Design Thinking: Part II – Prototyping Perfection
Blog Post › Innovation that Creates New Value
In our previous discussion, it was revealed that, yes; you too are a designer — regardless of your job title or function. That said, one of the biggest mistakes designers make is something we witness all too often during our innovation consulting: We design with the intent of immediate success.
Iteration, Iteration, Iteration
In design thinking, repetition is critical. Iteration provides designers with an opportunity to prototype an idea in a rudimentary way that represents a concept in its earliest design state.
And by most initial, I mean iterating prototypes from the get-go. Why?
- Your prototype is only intended to convey an idea — not be the idea
- Your prototype is designed to garner feedback for improvement and refinement
Therefore, the more rudimentary the prototype you provide, the more opportunities there are to collect insightful, impactful feedback.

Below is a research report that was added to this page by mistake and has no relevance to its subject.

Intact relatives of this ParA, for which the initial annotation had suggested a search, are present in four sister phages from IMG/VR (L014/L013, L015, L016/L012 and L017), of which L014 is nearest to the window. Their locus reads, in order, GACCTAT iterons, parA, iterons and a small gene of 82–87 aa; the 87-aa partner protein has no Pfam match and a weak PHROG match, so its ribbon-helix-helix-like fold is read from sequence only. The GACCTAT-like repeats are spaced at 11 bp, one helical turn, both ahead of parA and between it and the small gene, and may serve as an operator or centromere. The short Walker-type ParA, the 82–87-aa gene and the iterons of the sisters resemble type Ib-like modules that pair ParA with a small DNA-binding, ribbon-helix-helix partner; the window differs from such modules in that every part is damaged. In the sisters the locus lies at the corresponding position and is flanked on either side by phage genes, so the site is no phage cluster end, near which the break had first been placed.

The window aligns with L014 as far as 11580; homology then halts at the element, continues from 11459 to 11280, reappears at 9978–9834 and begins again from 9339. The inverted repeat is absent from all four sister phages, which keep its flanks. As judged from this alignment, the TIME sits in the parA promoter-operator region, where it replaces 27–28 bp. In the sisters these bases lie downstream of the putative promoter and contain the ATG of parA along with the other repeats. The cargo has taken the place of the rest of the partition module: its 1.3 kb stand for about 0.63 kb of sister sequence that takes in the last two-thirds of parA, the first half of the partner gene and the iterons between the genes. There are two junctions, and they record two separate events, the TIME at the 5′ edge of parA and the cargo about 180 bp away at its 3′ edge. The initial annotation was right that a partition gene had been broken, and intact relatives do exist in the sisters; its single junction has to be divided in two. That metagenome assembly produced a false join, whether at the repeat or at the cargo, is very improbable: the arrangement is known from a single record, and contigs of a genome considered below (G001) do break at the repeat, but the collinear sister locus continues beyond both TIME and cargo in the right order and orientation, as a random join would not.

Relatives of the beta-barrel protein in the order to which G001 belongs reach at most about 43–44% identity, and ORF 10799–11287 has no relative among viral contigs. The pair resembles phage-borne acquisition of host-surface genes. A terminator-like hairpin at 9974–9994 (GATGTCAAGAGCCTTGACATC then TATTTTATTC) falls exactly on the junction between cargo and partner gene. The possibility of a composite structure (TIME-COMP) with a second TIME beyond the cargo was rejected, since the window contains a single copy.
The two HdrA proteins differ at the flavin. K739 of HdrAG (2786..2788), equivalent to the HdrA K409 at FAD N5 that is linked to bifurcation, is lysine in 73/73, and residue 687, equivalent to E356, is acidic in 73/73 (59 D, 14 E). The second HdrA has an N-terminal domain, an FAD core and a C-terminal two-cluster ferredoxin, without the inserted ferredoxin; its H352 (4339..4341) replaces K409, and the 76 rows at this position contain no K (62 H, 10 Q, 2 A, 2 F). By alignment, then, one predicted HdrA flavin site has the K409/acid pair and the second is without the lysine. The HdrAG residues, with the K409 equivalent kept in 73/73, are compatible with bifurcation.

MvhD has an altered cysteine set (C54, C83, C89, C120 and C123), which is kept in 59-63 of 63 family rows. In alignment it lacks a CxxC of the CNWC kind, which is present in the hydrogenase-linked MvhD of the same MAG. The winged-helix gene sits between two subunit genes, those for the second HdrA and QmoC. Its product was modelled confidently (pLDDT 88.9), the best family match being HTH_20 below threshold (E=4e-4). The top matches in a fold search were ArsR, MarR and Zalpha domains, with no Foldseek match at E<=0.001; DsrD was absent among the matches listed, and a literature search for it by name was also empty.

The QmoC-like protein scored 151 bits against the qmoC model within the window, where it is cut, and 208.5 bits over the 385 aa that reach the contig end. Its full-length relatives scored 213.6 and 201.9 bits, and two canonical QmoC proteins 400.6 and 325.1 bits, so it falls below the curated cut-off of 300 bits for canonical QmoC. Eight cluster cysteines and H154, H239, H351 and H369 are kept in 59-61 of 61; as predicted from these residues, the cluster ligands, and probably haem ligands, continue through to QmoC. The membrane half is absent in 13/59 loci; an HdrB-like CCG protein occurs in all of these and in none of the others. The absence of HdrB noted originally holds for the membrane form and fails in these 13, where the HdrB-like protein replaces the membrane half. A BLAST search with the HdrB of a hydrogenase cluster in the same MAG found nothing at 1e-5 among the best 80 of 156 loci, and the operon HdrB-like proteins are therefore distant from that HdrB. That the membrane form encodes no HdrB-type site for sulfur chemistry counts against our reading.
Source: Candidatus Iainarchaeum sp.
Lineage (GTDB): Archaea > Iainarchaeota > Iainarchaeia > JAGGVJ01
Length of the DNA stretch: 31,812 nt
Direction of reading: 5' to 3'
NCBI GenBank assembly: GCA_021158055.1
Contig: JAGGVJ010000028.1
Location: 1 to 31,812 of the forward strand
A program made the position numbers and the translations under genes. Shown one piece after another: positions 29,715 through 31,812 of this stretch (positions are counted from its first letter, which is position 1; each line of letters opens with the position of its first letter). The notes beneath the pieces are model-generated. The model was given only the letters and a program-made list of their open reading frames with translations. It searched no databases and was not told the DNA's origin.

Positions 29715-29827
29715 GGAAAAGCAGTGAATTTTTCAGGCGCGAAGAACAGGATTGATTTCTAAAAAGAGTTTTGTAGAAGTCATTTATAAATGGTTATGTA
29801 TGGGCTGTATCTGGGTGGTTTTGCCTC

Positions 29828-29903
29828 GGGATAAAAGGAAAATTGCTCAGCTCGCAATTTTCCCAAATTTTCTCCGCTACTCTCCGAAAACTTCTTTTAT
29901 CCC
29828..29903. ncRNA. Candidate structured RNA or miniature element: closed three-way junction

Show, Don’t Tell
Testing ideas en mass and refining prototype concepts circumvents one of the biggest problems designers face: They get too attached to their design. As designers — and human beings — we tend to champion and defend that which we create.
We advise designers to hand their prototype to someone else — without explanation or context — and then to begin asking questions.
Often, the feedback solicited may not necessarily be something a designer was looking for, but that’s the beauty of it. Early feedback provides insight into an approach that often had not yet been identified. In design thinking, we want people to repeat this process multiple times.
Prototype Early. Prototype Often.
When people do not prototype, especially early in the design process, a common and unfortunate result is getting too far invested — particularly financially — to go unwind things. This means you risk getting stuck with an idea or solution that is ineffective or not as potent as could be. As design thinkers, we should be prototyping — iteratively — over and again.
By prototyping and testing iterations often, we can make the potency and power of our designs incredibly centered on the user’s experience, which is at the heart of successful creation. But how do we gauge real success? We’ll discuss this in our next post: Design Thinking: Part III – Creators Are Not Referees.